1. Drea, Please check with your pediatrician before using any of these OTC products on your little one. It isn't that common to get KP all over your back, so it will be important to confirm the cause of rash with your child's doctor before treating it.

  4. This comment has been removed by the author.

  5. Thank you for the information! My son was diagnosed with this but the doctor said their was nothing that could be done about it. I am definitely going to try the AmLActin.

  6. Thank you for blogging about KP! My 3 year old son has KP and his wonderful pediatrician recommended we use AmLactin. After much research we decided to give it a shot! I went on and got a $3 off coupon that i just used at the store. :) Cant wait to see results on our handsome little guy :)

  7. I just went to an allergist and he advised me to cut out all lotions - vaseline only while we figure out the true causes of my allergies. Would AmLactin be safe during this time?


Post a Comment

Thanks for taking the time to comment on this blog's posts! Let's keep the discussion engaging and free of frivolous advertising or vulgarity. It's a family show, folks!

Popular posts from this blog

When Food Allergy Treatments are Sensationalized, it is the Allergist's Role to Bring Us All Back Down to Earth

Sharing a recent post from my practice Facebook page, in response to concerns raised by the recent publication of a meta analysis on anaphylaxis rates during food allergen oral immunotherapy:
I hope my comments are helpful at proving some context for patients currently pursuing or consider food allergen desensitization therapy. 
I am a non-alarmist by nature, and feel it is 100% possible to integrate new data without falling prey to the sensationalization of these publications by the media. It is frustrating to read in the news one day, "Researchers find CURE for peanut allergies!" (WRONG!!!) and the next day read "Experimental treatment for food allergy causes more life-threatening reactions than avoidance!" (Hmmm...a bit misleading). No nuance, no thoughtfulness, no concern for the impact of such a black & white approach to a decidedly grey issue. And why would there be? Nuance …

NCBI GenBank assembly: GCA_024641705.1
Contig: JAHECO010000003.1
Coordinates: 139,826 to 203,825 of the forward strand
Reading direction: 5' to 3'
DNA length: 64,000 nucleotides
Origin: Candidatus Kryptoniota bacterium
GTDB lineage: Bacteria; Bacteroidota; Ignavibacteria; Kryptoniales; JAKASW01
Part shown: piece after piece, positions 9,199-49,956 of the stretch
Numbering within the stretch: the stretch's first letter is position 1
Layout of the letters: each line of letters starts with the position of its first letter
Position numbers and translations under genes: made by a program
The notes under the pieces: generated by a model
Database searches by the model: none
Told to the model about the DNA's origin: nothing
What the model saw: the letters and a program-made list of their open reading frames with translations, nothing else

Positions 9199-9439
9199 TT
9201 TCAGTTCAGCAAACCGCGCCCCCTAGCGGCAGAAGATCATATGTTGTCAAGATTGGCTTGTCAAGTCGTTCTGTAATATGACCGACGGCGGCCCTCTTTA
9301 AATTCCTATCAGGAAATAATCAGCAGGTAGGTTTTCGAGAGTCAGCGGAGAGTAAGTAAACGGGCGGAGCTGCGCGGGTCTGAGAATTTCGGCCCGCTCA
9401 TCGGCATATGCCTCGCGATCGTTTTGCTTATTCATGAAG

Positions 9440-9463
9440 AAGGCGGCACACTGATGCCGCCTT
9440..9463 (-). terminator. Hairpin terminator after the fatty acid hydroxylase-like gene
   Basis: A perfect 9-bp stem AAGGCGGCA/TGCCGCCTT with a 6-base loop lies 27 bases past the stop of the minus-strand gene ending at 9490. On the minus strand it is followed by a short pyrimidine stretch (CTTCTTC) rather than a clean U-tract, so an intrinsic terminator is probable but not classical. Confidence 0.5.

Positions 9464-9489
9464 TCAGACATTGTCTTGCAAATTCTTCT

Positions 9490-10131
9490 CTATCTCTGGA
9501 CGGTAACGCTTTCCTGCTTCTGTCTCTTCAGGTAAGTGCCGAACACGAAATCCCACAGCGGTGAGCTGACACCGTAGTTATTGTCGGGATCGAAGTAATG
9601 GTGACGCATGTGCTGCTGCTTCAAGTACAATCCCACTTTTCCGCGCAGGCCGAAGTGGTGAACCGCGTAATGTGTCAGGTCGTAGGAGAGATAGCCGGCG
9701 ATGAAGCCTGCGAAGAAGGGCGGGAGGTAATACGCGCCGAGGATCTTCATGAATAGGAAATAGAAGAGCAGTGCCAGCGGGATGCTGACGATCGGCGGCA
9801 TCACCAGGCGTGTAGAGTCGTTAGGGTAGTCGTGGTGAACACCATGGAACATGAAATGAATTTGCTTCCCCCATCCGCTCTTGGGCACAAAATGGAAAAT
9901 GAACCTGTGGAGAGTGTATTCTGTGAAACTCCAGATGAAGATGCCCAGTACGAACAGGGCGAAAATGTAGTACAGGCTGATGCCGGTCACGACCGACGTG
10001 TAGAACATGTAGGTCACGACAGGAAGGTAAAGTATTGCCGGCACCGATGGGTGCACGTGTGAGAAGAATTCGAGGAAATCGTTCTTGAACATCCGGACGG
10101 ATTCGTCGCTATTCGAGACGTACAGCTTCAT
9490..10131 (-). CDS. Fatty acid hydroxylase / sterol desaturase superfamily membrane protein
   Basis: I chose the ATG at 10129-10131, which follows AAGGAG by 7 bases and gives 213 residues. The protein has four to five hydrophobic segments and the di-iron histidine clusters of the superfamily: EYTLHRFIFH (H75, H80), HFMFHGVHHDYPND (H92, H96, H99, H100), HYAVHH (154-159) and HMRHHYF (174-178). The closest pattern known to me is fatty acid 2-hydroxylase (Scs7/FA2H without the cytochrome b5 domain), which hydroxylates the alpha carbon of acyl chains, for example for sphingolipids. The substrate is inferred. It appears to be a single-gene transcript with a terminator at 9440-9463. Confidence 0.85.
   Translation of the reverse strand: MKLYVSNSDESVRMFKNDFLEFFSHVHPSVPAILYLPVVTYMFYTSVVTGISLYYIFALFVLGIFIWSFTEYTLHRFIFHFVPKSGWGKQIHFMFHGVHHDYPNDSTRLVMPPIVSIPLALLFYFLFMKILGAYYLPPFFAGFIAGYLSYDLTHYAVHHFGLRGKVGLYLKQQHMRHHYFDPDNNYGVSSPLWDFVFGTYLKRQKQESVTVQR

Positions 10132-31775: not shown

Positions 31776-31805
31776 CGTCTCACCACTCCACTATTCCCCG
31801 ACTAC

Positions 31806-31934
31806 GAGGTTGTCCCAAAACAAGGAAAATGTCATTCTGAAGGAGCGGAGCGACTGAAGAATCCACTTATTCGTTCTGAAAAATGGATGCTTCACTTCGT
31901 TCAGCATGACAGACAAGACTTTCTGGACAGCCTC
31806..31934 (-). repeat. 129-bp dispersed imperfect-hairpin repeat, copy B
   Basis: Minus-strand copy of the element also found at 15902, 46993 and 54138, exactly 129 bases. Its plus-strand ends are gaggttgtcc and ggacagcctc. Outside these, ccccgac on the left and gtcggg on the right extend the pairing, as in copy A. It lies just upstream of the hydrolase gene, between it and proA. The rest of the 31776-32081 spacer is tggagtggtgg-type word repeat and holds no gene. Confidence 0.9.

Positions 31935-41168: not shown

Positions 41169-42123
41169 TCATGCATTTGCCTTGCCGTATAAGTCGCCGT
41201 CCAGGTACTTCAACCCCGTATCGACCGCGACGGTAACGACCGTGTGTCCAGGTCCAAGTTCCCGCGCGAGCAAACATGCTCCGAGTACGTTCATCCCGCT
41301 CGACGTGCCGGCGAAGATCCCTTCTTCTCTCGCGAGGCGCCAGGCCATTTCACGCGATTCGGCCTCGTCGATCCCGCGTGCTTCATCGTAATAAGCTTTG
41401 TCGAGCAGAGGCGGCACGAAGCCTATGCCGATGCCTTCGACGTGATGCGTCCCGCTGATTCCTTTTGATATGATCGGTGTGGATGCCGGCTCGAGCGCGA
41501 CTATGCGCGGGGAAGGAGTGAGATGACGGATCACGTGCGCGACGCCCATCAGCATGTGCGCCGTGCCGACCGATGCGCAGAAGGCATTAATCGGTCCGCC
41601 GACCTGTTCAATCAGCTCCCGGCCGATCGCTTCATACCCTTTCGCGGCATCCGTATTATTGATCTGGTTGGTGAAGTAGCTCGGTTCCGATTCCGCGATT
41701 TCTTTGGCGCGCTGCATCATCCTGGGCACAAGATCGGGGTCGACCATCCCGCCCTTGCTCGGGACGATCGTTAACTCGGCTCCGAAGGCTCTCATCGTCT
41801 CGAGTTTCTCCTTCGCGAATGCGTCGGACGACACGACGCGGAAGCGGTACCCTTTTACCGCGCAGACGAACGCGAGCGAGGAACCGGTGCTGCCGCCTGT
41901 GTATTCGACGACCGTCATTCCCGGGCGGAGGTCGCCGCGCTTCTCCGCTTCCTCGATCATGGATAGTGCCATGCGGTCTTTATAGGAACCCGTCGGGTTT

Why Drug Allergies Matter (Or Why Penicillin Allergy is Responsible for My Son's Lopsided Neck)

My 6 year son old just got over a rite of passage - strep throat and scarlet fever. Unfortunately, before we could even celebrate his recovery, I noticed a swelling on the left side of his neck. It was red and tender, and it was GROWING. The pediatrician in me worried, "Damn. Lymphadenitis (infected lymph node)". No sooner had we finished one course of antibiotics than we were onto another, and the side effects were bad enough to keep him out of school for another three days.

Why did my munchkin suffer so? My answer: Drug allergy.

Group A streptococcal bacteria (the cause of strep throat and scarlet fever) is remarkably sensitive to penicillin. Penicillin is the first choice treatment for strep throat, and has been proven to reduce the risk of developing rheumatic fever, a post-infectious complication which can result in chronic heart disease.

Problem is, my son is allergic to antibiotics in the penicillin family. At 11 months of age (8 days into his second ever course of am…